90mph winds, injuries and some wild sailing have delivered a baptism of fire for the Clipper round the world race
Race 4 of the Clipper 2013-14 Race departed Cape Town for Albany, Western Australia just over a week ago under the stunning vista of Table Mountain, in rather frustratingly light winds. Just 48 hours later however, a ferocious storm whipped up. Wind speeds of up to 90 miles per hour lashed the fleet, providing dramatic surfs and towering waves as it headed south through the Indian Ocean’s Agulhas Current into the Roaring Forties of the Southern Ocean.
Clipper Race Director Justin Taylor commented: “This leg has historically been a tough one for the Clipper Race. As the yachts plunge down into the Southern Ocean and the Roaring Forties they begin to experience the full force of nature. It would only be the naive who think that we could eliminate all the risk of sailing in the harshest of environments. In fact it is because we can’t that crew elect to go down into the Southern Ocean in the first place.”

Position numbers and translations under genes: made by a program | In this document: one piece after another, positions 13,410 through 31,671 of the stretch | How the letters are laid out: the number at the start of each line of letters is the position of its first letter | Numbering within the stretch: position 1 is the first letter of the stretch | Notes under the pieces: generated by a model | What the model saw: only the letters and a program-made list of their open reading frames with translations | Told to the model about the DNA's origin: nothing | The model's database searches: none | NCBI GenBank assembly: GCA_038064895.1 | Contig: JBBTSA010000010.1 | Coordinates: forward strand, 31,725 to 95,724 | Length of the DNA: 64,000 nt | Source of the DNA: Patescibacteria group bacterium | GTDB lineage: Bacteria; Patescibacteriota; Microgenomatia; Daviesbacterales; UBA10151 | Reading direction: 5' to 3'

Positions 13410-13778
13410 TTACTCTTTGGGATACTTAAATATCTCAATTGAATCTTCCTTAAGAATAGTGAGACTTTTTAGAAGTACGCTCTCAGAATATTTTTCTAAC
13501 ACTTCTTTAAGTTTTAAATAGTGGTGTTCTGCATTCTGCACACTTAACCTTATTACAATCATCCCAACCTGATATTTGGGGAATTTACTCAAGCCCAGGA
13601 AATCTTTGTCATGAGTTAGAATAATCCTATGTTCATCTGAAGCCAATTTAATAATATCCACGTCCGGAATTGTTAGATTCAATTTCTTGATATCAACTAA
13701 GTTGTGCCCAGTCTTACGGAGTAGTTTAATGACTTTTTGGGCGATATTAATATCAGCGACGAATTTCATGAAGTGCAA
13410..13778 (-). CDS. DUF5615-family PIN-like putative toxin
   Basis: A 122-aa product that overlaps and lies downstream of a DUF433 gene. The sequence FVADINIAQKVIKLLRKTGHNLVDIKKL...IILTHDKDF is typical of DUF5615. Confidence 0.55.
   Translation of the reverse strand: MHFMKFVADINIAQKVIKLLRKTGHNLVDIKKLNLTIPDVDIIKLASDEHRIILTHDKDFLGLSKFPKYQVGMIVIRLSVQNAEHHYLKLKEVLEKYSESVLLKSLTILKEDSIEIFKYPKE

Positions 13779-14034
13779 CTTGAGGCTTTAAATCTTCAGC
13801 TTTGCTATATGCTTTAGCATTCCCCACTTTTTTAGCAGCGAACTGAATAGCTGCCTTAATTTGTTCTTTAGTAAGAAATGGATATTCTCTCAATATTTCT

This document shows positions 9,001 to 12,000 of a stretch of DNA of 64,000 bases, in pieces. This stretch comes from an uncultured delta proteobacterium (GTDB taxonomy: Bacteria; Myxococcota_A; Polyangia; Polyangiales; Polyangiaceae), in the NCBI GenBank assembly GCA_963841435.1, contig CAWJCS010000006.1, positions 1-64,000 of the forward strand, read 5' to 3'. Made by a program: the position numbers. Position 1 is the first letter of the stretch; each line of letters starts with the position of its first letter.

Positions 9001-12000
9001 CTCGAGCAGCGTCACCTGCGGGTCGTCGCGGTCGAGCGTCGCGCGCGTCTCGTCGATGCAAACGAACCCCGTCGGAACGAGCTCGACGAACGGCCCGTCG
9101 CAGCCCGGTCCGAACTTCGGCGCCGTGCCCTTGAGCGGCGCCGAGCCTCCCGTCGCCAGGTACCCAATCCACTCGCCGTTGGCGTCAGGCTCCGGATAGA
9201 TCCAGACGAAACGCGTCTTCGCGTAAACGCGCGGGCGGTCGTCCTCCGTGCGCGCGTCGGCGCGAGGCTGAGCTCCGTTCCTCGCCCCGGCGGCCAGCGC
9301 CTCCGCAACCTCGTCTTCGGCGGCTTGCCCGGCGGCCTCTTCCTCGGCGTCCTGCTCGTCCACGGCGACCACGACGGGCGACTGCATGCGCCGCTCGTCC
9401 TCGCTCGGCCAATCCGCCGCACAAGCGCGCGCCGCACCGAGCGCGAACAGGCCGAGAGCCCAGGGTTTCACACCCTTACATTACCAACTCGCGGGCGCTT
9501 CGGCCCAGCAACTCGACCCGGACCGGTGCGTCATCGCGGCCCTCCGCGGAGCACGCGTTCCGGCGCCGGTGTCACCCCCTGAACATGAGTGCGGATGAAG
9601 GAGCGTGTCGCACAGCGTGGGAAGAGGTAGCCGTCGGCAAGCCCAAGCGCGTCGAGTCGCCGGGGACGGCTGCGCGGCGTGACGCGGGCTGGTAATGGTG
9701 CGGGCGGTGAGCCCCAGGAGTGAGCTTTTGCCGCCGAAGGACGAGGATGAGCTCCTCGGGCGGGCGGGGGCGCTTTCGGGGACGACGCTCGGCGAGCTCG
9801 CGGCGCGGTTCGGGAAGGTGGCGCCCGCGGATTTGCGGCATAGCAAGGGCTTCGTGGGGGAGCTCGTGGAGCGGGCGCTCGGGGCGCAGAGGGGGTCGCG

Mission Performance and Derry~Londonderry~Doire each had to halt racing to medevac injured crew members, Australian David Griffin and Brit Michelle Porter to Port Elizabeth, South Africa for minor injuries. Both are now recovering well and the teams have resumed racing.
The strong winds have now subsided, bringing an end to Race 4’s baptism of fire. Current weather remains cold and wet with forecasts continuing to be complicated, as is expected in one of the world’s most unpredictable seas.
Eric Holden, skipper of Henri Lloyd and Weather Forecaster for the Canadian Sailing Team at the London 2012 Olympic Games detailed how Race 4’s tough early conditions have matured the largely amateur Clipper Race crew. “I don’t know how we can be labelled an amateur team any longer, considering all we have been through together and how the crew have risen to every challenge.
“Many top sailors will have gone their whole careers and never experienced conditions like these.”